gg1195   tother. other (of two) [go to text]

n7093   tho’. Octavo of 1653 has `th'o'. [go to text]

gg6038   reservedness. reticence, caution [go to text]

gg6039   limner, painter, especially of portraits [go to text]

n8375   king’s- and queen’s-head signs Octavo of 1653 has `Kings, and Queenes-head signes' [go to text]

n8376   upon this ground: To this end, for this purpose (OED ground n, 5c). [go to text]

n8377   hangs upon some ground. Serves some purpose (OED hang v, 13a; ground n, 5c). [go to text]

gg3800   exquisite consummate, excellent, perfect [go to text]

gg4774   mystery, craft, art; trade, profession(OED n2. 2a) [go to text]

gg154   bare bare-headed [go to text]

gg5477   boy! rogue (OED n1. 2) [go to text]

n8378   Octavo of 1653 reads `Goe'. The direction is printed in the middle of the last line on a page (sig. P4verso), there preceded by the last word (`Gentlemen') of Mendicant's speech and followed by the tag-word (`Str.') for the next page: see [CB 2.1.line1107]. From subsequent dialogue (the next speeches but one and two, [CB 2.1.speech390] and [CB 2.1.speech391]) it is clear both that this stage direction sets Mendicant in motion and that he does not manage to make his escape. [go to text]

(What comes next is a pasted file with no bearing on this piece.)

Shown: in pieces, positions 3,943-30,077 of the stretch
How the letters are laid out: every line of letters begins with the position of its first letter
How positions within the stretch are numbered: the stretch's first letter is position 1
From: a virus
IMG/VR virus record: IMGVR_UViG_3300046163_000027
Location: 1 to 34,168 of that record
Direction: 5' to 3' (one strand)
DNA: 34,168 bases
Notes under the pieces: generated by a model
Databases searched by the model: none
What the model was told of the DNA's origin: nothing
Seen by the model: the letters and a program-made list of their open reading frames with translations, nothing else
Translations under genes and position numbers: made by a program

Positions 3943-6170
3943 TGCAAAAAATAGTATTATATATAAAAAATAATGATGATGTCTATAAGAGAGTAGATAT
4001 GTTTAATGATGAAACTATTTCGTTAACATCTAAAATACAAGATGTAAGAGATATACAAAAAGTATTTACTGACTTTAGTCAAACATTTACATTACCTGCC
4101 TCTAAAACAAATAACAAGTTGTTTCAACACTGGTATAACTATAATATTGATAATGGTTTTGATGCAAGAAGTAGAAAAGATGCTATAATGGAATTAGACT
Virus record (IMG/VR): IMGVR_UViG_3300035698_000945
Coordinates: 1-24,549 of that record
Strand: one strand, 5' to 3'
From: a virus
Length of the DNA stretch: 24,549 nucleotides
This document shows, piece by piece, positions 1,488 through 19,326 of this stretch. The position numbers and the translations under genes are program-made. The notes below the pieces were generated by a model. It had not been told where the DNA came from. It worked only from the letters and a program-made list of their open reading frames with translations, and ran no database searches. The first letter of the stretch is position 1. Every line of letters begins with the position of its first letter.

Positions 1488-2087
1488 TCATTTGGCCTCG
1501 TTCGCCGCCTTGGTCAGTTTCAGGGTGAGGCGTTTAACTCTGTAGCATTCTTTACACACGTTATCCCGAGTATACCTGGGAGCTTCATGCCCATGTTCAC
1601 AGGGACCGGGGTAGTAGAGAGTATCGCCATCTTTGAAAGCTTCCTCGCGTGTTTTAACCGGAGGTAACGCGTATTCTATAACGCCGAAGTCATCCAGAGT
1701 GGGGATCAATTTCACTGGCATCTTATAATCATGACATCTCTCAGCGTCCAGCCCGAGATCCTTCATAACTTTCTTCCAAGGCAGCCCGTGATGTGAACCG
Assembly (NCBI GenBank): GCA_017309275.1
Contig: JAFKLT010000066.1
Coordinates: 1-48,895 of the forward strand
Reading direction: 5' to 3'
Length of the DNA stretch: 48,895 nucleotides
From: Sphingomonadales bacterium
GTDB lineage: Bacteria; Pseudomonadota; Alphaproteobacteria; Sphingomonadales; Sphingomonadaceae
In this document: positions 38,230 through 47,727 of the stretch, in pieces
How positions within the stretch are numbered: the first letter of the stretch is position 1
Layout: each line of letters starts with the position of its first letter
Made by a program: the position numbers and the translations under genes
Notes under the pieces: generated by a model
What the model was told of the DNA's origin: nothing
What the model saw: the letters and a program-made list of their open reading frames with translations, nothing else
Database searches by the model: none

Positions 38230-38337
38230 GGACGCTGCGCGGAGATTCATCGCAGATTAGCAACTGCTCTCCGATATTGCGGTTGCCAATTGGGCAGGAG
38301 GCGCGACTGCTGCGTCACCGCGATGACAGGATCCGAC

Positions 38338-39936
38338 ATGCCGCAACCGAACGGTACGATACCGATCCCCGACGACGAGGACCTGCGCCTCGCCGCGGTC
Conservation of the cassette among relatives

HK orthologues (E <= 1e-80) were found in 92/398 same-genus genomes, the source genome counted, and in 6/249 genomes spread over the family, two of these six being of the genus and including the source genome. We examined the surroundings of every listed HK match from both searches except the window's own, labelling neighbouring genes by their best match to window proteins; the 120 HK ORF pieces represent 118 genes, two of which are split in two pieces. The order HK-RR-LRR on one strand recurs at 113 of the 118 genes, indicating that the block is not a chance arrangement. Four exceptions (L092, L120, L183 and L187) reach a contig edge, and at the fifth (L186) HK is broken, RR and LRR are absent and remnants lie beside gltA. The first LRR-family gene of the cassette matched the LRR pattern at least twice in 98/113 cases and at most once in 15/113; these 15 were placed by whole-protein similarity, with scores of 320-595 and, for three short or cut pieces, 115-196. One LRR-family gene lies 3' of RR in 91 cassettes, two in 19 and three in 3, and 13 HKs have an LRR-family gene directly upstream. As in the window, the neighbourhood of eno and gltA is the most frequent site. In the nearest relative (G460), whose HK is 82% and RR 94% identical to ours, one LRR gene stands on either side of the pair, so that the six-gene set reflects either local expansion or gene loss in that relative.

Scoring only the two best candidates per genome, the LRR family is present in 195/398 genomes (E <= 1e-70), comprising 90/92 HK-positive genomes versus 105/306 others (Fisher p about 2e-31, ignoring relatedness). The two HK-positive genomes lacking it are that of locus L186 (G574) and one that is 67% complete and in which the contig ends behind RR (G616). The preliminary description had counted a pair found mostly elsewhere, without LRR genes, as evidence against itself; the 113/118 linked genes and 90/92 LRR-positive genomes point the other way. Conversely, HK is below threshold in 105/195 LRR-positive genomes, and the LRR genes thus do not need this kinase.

gg4775   member citizen (OED n and a, 9a) [go to text]

n7099   that deals in private for the recoveries of such goods, one that shall undertake, if you’ll but get a patent, for a cutpurse-hall, or office, to help all men to their own again, allowing but the tithes of their losses, and freeing the offending parties. The man to whom Cit-wit plans to go in search of his own purse is a receiver of stolen goods, whose dealings are clandestine (because illegal). Cit-wit's project would turn the man's illicit trade into a legitimate business -- a City company or a public service -- through which the victim of pickpockets and cutpurses would recover property on payment of 10% of its value while the perpetrators would avoid penalty. [go to text]

n7100   by the same course secure the counties too, and make the hangman hang himself. Cit-wit imagines the project expanding beyond London: if pickpockets and cutpurses were no longer condemned to death, hangmen throughout the country would have only themselves to hang. [go to text]

gg5478   Fore before [go to text]

gg4781   suddenly forthwith, promptly (OED adv. 2) [go to text]

gg4782   lodgings rooms for temporary occupancy; guestsuite [go to text]

gg3160   Bedlam. the popular term for the Bethlehem Hospital, where the insane were incarcerated; hence a term for chaos and lack of order [go to text]

gg4780   waiters, attendants [go to text]

n7103   [All exit.] Octavo of 1653 has `Exeunt omnes.' [go to text]